During my sophomore and junior years, I interned at the university's Voinovich School, with the data analysis, survey and health team. This was a great opportunity, as it allowed me to apply some of the classroom skills I had attained in an applied setting. Beyond this, the Voinovich School allowed me to gain a better appreciation of the surrounding region, and I was even able to see how some of the research I helped conduct was put to use.

I was further able to observe the impact social science research may have on society at large during an internship this past summer at the Joint Economic Committee. I was initially drawn to political science for strictly intellectual reasons, but my internship experiences in both Athens and Washington allowed me to reflect on the extent to which the discipline may make a positive impact on society.

What were the main reasons you chose Ohio University?

The main reason I came to OU was the Honors Tutorial College. I felt the college gave me the opportunity to study political science in far greater depth than I could have at most universities. It has completely exceeded my expectations, as I have not only been able to rigorously study the subject, but also ... helped conduct research as an undergraduate. Finally, I will be graduating with both a BA and MA in four years; this too was one of the main appeals of the program.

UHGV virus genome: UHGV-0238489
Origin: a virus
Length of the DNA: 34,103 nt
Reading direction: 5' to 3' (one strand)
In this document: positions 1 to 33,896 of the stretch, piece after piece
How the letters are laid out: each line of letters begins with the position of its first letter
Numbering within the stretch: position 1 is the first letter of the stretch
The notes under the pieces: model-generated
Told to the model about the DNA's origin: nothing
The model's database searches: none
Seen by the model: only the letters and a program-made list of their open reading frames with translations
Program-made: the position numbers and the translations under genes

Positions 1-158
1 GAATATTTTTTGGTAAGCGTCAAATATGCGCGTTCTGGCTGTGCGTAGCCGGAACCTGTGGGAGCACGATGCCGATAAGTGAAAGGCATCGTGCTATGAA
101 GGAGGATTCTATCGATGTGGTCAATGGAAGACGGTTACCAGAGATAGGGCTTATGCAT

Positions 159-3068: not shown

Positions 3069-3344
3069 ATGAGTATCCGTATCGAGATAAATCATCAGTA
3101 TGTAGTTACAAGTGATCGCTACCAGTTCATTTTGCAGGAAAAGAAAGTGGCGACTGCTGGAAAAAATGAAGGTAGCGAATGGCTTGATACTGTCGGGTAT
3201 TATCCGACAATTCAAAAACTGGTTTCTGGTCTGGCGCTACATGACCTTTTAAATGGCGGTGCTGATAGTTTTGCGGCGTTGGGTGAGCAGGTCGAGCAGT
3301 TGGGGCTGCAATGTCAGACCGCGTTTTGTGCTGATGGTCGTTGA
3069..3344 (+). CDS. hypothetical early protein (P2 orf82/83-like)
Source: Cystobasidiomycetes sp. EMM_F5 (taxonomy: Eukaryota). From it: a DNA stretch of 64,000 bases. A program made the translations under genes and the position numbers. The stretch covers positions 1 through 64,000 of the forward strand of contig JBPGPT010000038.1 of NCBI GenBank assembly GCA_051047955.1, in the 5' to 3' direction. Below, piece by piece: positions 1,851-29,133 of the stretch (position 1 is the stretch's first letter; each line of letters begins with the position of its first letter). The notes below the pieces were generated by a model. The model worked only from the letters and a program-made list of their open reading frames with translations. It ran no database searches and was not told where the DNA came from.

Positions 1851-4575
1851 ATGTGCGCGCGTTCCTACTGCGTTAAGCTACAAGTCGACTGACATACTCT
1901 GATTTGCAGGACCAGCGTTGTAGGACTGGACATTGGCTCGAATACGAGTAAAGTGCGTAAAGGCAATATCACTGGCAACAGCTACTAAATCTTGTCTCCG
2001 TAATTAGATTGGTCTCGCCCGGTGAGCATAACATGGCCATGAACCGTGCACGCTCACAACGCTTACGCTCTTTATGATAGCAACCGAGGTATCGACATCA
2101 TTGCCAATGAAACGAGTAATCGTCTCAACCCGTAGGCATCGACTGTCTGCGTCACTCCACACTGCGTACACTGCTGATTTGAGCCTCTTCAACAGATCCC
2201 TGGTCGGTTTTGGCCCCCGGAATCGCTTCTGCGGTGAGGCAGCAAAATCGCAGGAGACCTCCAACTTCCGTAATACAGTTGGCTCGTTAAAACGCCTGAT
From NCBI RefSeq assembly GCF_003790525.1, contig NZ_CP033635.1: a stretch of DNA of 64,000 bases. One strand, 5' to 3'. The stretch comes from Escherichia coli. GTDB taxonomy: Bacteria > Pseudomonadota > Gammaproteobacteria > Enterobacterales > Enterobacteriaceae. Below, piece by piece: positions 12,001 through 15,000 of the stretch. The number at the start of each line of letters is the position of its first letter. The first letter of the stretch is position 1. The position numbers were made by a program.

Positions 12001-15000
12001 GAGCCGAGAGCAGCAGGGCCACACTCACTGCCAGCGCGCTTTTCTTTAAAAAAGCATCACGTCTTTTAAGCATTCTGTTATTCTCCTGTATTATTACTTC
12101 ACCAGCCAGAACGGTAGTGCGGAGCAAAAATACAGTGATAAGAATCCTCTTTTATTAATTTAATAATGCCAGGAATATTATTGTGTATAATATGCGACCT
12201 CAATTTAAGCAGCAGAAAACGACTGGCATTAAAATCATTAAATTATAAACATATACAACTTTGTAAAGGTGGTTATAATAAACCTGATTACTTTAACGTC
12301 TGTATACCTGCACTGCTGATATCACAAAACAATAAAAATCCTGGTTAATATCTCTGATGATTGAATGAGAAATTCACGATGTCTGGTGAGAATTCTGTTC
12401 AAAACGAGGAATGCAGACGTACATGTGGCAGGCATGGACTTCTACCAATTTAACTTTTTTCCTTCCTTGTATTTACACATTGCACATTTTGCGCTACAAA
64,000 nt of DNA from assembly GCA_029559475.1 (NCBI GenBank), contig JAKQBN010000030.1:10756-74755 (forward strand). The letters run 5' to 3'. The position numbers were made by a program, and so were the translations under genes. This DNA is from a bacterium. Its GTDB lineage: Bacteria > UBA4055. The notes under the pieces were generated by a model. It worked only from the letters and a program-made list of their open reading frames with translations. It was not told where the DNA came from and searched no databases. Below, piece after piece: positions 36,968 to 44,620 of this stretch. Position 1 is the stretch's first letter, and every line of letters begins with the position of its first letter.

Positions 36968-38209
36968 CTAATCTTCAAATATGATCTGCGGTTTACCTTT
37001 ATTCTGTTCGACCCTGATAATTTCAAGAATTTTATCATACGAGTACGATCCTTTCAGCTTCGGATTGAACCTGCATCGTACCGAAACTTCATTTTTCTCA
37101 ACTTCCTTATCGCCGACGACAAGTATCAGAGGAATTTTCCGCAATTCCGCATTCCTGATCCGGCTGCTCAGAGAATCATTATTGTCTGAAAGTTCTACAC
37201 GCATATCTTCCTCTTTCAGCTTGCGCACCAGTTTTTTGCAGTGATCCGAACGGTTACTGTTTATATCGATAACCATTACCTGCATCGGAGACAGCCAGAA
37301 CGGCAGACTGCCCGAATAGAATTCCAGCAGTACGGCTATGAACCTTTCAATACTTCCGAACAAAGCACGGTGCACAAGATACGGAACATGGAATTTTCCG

Finish these sentences:
I am most proud of … the fact that I will be leaving Ohio University having achieved a great deal of both academic and social success. 

Someday I hope to be … a professor of political science. Ideally I would be able to read and speak both positive and normative work in the field, rather than be constrained to a single subfield.

Describe what you have accomplished. What was your drive and motivation?

My biggest accomplishment was being named a 2008 Marshall Scholar. This will fund two years of study at the London School of Economics and Political Science. I am extremely honored to have been named a Scholar, and I could not have done it without the particular help of Professors White, Mosher (political science), Vedder (economics) and Winter (economics), as well as Ann Brown and the Office of Nationally Competitive Awards. I was especially motivated by the fact that the Marshall Scholarship will allow me to study one of my main areas of interest, philosophy of social science, at an institution with a department renowned in that field.